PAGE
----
Dirt Therapy
Dirt Therapy

Oh, and we certainly can’t forget the gardens!

Yes! In my dream I see amazing gardens (with plenty of lilies, of course!), planted and cared for by volunteers, scout troops, garden clubs, and youth groups. Of course, there would be multiple raised gardens where guests could play in the dirt to their heart’s content.

I can dream, can’t I?

Unspoken

Danielle Swett Olander describes herself on Facebook as an “Accomplished Instructor; Convention Exhibitor at Institute for Excellence in Writing (IEW) and Multitasker Extraordinaire at Olander household.”

An apt description. Though we’ve only met in person a few times, our friendship grows deeper by the day as we each take care of someone we love who has Alzheimer’s. Danielle is a family caregiver who watches over her father-in-law, Tim, who happens to be my husband’s and my close friend.

Danielle graciously gave me permission to post this Facebook essay on my blog. I know it will touch the hearts of many of my friends and followers whose lives are also impacted by this memory-robbing disease.

I grew up in churches that would allow you to say you had an “unspoken” prayer request. Usually it was something that was a little too private to share in public but that you desperately wanted someone to pray about. Or perhaps it was just to have something to say when it was your turn to share prayer requests. Today I have a little story about a different kind of unspoken request.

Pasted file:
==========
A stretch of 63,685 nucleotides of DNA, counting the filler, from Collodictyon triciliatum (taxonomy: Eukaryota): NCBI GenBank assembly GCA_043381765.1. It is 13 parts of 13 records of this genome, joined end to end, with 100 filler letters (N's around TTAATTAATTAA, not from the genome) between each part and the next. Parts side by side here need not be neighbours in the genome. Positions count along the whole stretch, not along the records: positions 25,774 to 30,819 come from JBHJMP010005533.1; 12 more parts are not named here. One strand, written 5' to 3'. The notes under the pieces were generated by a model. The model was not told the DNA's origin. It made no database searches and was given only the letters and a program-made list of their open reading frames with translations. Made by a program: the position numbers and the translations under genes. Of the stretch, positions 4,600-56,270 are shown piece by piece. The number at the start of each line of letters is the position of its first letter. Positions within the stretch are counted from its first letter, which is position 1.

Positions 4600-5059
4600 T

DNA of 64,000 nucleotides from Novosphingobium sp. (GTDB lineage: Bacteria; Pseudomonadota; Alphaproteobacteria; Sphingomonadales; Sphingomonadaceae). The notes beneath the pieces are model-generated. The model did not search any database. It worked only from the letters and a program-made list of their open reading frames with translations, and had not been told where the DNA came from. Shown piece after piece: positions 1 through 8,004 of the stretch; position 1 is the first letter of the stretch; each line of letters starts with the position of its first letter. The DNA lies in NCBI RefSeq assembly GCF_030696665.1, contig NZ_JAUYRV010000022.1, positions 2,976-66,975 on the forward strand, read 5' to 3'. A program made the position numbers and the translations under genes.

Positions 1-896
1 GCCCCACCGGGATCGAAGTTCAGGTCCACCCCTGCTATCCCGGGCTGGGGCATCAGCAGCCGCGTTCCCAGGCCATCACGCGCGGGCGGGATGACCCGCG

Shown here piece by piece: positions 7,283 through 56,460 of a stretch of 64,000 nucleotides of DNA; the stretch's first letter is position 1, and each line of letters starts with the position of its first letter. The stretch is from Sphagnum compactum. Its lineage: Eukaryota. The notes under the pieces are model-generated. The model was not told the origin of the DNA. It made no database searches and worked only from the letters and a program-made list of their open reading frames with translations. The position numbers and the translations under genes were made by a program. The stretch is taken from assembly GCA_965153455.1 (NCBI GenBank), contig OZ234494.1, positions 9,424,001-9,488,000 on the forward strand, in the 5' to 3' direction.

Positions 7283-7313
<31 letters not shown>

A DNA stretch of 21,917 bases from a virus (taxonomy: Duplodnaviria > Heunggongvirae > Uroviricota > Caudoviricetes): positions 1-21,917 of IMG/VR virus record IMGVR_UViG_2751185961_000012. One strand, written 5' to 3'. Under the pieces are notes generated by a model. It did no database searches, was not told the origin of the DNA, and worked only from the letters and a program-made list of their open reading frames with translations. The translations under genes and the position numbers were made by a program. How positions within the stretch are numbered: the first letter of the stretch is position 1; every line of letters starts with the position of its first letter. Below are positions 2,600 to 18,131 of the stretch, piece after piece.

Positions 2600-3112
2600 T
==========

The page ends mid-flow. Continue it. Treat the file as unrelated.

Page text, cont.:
On Monday, the young lady who is helping me with Tim’s care dropped him off at our house around lunch time. He had a sandwich and was resting in his favorite chair. Our kids turned on a classic TV show, but he obviously didn’t want to watch it. I put out a chair in the driveway and suggested that he sit outside until the show was over. It was a beautiful day, the kind we endure January for around here. A little later I went out to the garage for something and didn’t see him in the driveway where he usually sits. I went back inside thinking perhaps I had missed him in the living room. When I didn’t see him there, I sent a child to the basement and another to the backyard. A third jumped on her bike to begin riding around the block. He wasn’t anywhere nearby. I realized that he had left without telling me where he was going.

I opened up Find My Friends on my phone and began a search for Tim. Thankfully he had his phone with him. A little blue dot “TO” appeared about 3 miles away, not far from his apartment. For the first time ever, he had decided to go for a walk, from our house all the way back to his apartment, 4 miles away. I called him and ended up bringing him back to our house where he declared he had done enough walking for one day.